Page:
SWITCHING TO SWATHING?
Some growers swear by swathing, others reckon direct combining is best. Tom Allen-Stevens weighs up the harvesting options.
ITS a perennial quandary: how best to get oilseed rape through the combine. And it is not an argument that can be resolved on financial terms alone – so much rides on the weather, the state of the crop and how exposed the field is.
But some, like Martin Kinch, have no doubts. He has tried direct combining and desiccating, but reckons swathing on his 110ha (270 acres) of rape in Oxfordshire is best: "Im looking for a uniform sample that can be dried easily with my batch drier. You are unlikely to get this when the crop is direct combined."
Swathing also helps to dry out the stems, which means less mess inside the combine. Another advantage is that, after the combine has been through, there is no need to return to the field to cut the stubble. "The swather aims for an 18in stubble and the combine will reduce this down to six inches," he says.
He also likes the ease with which he can combine: "The crop lies evenly and in one direction. This means we can romp along with little danger of bunging up the combine. There are also far fewer header losses since the pods enter the combine first." In very dry years that combining swathed crops can continue throughout the night because good visibility is not as crucial as direct combining.
At £28.50/ha, the contractors charge is quite high, but Mr Kinch believes it is worth it.
He accepts that there is a risk associated with swathing however. The crop can be swathed in most conditions, even rain, but this sets a definite date of about a week to 10 days until it must be harvested. "A thunderstorm near harvest can have a devastating effect on yield, and I quite regularly have more than 100 acres on the floor in this critical period," Mr Kinch warns. It is also important that is swatthed well: "An even swath with no lumps can be achieved with the right machine and a good contractor."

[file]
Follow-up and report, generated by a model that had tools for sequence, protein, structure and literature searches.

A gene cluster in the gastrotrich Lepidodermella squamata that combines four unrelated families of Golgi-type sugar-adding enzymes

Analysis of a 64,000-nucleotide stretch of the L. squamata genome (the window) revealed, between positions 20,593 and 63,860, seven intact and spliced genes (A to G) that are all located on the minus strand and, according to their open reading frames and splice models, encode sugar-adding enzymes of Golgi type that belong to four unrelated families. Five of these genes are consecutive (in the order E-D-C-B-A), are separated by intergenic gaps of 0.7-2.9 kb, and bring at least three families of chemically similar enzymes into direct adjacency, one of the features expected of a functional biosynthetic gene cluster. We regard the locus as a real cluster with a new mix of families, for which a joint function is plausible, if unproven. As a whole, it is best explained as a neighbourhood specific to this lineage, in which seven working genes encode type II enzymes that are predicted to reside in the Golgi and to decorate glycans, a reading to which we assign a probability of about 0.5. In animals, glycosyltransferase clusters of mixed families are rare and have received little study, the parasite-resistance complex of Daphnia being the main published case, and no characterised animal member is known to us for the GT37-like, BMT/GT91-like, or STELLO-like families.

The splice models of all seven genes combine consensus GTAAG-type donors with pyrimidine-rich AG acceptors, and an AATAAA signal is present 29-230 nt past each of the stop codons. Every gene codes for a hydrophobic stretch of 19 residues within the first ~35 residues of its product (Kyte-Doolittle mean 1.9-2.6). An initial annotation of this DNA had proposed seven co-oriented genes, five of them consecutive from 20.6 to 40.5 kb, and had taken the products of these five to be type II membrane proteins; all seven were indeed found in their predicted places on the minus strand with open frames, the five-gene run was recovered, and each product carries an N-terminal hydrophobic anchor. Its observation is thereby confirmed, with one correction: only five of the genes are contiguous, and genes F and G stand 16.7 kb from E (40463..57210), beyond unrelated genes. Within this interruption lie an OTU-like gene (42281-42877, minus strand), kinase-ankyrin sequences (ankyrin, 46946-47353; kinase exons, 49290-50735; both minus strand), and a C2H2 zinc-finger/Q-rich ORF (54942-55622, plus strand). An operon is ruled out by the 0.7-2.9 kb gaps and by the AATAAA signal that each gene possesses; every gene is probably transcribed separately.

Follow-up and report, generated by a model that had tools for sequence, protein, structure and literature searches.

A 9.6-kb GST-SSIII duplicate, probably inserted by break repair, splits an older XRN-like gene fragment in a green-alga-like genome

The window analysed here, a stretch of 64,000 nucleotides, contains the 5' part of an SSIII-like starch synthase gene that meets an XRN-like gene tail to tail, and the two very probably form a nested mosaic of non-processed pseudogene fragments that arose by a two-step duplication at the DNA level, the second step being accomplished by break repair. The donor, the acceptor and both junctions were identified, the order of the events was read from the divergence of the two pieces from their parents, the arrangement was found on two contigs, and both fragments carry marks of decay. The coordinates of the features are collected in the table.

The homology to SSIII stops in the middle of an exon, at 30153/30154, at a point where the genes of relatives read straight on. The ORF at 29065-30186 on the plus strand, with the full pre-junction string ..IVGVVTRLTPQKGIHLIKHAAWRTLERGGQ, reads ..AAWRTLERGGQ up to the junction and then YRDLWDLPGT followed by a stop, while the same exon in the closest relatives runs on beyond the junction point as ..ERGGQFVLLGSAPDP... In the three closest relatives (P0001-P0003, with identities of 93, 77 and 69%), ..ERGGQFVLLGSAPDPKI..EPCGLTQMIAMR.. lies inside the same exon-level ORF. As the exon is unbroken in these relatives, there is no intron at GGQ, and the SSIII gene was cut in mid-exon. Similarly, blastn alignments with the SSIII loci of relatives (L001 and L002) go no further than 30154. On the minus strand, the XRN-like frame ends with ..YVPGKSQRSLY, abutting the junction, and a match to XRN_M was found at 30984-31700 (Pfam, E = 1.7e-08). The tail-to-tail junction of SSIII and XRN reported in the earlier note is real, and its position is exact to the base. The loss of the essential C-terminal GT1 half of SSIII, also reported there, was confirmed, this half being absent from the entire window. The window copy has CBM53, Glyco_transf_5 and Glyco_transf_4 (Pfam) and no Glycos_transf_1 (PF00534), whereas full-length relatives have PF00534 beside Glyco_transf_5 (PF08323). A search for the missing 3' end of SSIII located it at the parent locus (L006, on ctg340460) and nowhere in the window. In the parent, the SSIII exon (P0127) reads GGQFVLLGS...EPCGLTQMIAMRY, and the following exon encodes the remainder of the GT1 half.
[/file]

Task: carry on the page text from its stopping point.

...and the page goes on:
Robert Pask, who farms 375ha (920 acres) near Grantham in Lincolnshire, has tried them all. He used to run his own swather, then switched to desiccating and now combines direct. His main reason is cost: "If you get a contractor in to swath or desiccate your crop, you have instantly hiked up your costs before it is even off the field."
He also believes direct combining has benefits for the combine itself: "Desiccating or swathing the crop makes it much more brittle. This means it will be smashed up in the concave and there will be little bits of straw that will get stuck in the sieve and affect performance and forward speed. With direct combining the crop stays intact better through the combine. This leads to less debris and a cleaner sample."
Mr Pask has found that a dressing of Folicur (tebuconazole) reduces canopy height which means the crop bunches up less on the header. He also uses a Massey combine with a Power-Flo table which helps present the crop pod end first. A side knife gives a clean cut on one side. He has converted one or two local farmers to his approach and now does a lot of contract combining.
The time to consider desiccation is when the crop has ripened unevenly or if it is badly infested with weeds. It may not be necessary to spray the whole field if, for example, only the headland is behind the rest of the crop. The advantage over swathing is that it allows the crop to continue to fill as the desiccant slowly senesces the crop.
Reglone (diquat) can be used for fast desiccation and should be applied 7-10 days before harvest. Although fast-acting it can leave the crop brittle and prone to wind damage and pod shatter.
Roundup (glyphosate) or Touchdown (glyphosate trimesium) preserves the suppleness of the pod and should therefore minimise this risk. However, it acts more slowly – about 14-21 days. Timing is therefore critical; glyphosate should be applied when the seeds in the pods in the middle third of the stem have just turned from completely green to half green/half brown.
It does, however, have the drawback that it carries an additional cost (including usually being a contractors operation), and the standing crop still has to be combined directly, which can mean extra capital costs in equipping the combine with the necessary kit. The chemical would typically cost around £15/ha and the contractors charge would be a further £8.50/ha for the spraying operation itself.